Showing posts from 2020

Centralized Monitoring System for Automated Tests with Elasticsearch and Kibana

In this post, I want to give you some practical information about a monitoring system for automated tests. I will touch the following topics: Why we need a monitoring system for automated tests What are the potential benefits of the monitoring system A simple approach using the following technologies: Elasticsearch Kibana Firebase test lab, gcloud and gsutil XCTest and Espresso What is the Centralization of Log Systems In a development pipeline, we have a variety of tools and technologies with different languages and scripts. CI/CD pipeline is a good place the see the process of the development, but to get the detail of an item in the pipeline, we need to get into that item and tackle with logs and data. Some times this investigation requires some capabilities to understand it. One of the easiest ways to get a common understanding from the logs in the pipeline is using one easy tool for the whole process. When we collect all the

(Framework) API Test automation with Ruby Rspec and Airborne

Automated tests for API and services are very important so there are lots of solutions for API test automation in the market. These solutions can be commercial-off-the-shelf (COT) or opensource libraries also, there are many frameworks created around these opensource libraries. Testing APIs with tools that have IDE can be easy to start and learn but it can be challenging to customize for your unique problems or integration to CI/CD tools can be hard. Therefore I can suggest you use one of the opensource libraries by implementing it with your favorite language. In this way, it can run faster,  easily extendable, and configurable.  I have created a framework with Airborne and Rspec for automating API tests, you can  check it from Github .  In this post, I want to explain what is Airborne and how I implemented a framework around it. You can simply update the environment variables and write your specs file in the ` specs ` folder.  What is API Testing API stan

TestOps: What is it and Why we need it

Years of experiences in the software industry shows that there are many more thing that has not been discovered yet. Every approach found in the software industry aims to accelerate the development speed with more customer satisfaction.  Hence the new term "TestOps" is also creating different perspectives on the relationship between test activities to the operational activities within the DevOps culture. In the post, I want to explain my experience with the TestOps.  What is TestOps It shortly stands for tests and operations. Within the DevOps culture, it is a sub-discipline DevOps. There are two approaches to TestOps, these are related to the test approach that you are applying the overall test approach. Mainly if you are applying ` shift-left testing ` then the TestOps should be adopted to have more collaboration with the development team, ` TestOps shift-right `. On the other hand, if you are applying ` shift-right testing ` then the TestOps should be adopted to have more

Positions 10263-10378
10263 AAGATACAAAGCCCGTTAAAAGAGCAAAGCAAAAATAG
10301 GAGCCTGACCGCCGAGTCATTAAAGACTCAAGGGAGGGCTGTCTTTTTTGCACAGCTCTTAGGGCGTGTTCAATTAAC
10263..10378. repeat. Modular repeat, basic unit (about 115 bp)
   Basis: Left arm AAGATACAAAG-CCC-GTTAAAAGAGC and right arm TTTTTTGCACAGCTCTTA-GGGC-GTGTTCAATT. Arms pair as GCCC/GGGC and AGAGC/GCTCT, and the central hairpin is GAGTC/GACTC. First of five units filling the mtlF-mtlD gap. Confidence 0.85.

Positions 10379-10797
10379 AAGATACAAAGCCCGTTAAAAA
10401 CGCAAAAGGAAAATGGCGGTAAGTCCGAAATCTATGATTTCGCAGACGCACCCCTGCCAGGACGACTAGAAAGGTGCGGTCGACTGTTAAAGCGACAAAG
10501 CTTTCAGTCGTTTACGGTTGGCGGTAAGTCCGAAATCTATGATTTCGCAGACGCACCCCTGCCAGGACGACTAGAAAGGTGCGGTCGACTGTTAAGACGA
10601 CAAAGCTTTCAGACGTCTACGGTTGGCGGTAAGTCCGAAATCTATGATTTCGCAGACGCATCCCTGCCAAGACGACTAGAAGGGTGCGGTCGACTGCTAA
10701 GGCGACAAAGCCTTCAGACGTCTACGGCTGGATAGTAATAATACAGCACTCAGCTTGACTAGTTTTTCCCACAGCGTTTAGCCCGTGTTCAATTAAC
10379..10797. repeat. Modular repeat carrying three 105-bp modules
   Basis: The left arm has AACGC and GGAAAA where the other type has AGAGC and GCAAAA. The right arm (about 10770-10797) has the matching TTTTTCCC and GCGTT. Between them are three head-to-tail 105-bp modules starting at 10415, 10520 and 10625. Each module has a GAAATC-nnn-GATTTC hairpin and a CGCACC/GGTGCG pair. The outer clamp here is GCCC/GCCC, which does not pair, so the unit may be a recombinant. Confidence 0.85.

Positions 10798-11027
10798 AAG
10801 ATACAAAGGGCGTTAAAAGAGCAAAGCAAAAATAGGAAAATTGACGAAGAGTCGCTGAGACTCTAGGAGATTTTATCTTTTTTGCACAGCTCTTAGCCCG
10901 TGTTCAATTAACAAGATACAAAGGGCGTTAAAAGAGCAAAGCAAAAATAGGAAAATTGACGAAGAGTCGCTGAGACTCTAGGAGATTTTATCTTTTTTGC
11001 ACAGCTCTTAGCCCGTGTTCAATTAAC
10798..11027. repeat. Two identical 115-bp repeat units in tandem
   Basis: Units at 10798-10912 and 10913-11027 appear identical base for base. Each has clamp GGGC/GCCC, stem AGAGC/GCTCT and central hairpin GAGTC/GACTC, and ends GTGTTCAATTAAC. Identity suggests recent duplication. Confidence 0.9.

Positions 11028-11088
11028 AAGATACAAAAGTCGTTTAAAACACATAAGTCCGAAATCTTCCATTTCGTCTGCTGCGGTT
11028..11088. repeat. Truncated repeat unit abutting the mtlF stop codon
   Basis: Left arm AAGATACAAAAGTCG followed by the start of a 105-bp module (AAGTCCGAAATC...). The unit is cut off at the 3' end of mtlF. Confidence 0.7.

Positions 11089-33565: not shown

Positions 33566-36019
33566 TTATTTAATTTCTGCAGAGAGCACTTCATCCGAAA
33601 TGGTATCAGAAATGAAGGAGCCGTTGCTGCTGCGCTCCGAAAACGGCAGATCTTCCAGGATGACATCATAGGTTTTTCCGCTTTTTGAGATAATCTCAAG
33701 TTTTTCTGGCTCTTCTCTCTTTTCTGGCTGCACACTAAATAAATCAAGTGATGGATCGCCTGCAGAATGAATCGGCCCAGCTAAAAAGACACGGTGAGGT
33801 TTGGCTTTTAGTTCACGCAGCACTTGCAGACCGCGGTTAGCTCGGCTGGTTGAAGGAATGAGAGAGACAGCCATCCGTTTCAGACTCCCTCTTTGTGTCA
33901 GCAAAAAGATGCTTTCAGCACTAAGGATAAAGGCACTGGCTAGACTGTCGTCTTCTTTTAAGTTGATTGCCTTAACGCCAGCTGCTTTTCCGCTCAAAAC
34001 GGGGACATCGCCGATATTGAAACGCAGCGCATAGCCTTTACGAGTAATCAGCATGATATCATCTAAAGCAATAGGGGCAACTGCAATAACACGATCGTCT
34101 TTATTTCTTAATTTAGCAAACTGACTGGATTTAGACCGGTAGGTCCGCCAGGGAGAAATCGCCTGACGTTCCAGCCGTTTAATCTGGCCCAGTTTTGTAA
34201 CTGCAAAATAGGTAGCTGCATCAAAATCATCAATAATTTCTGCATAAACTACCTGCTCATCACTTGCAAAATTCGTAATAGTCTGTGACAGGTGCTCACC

GitHub Actions: CI / CD Tools - Applying for Ruby / Rspec Project

Github released the beta version of " actions " last year for creating a CI/CD pipeline for the projects. This feature enables us to create a pipeline easily with the web interface of the Github.  I want to run the tests for one of my public project in the Github before merging branches to the master. For testsozluk aka " test dictionary ", which contains terms frequently used in the software industry with the meaning and usage of them in Turkish. For the project, tests are critical because JSON files in the Github project are the data source of the application so if any corruption in the data may break the android and the ios application. The tests in the project are written in Ruby by using Rspec to assert them so I used the Github actions to verify before merging code. In this post, I want to explain how this can be done. Github's actions are very easy to apply. You can add it just go to the Actions tab in your project and then select one of the predefined

capycon - New Ruby GEM for Running Capybara on Console

Testing is enjoyable if you are using the right tools and technologies, of-course you also need to understand the philosophy behind the testing. I generally use testing tools interactively to try different options that the tool you are using gives as alternatives. For Selenium and Capybara, I have scripts to run get to get them ready on my console, you can read more this post for Windows and this for Unix-like . Under the quarantine days, I wanted to create a Ruby GEM for any want to get Capybara experience on the console for their project.  Capycon is simple, the short version of Capybara-Console, a GEM file so you can install it by: gem install capycon To use it, open your terminal and switch irb or pry  and then require the capycon , then you use all the functionality of the Capybara on the console. See the following steps; ~ /P/ p / c / capy_con (master ⚡→☡ ) pry [ 1 ] pry(main) > [ 2 ] pry(main) > require "capycon" * * * * * * *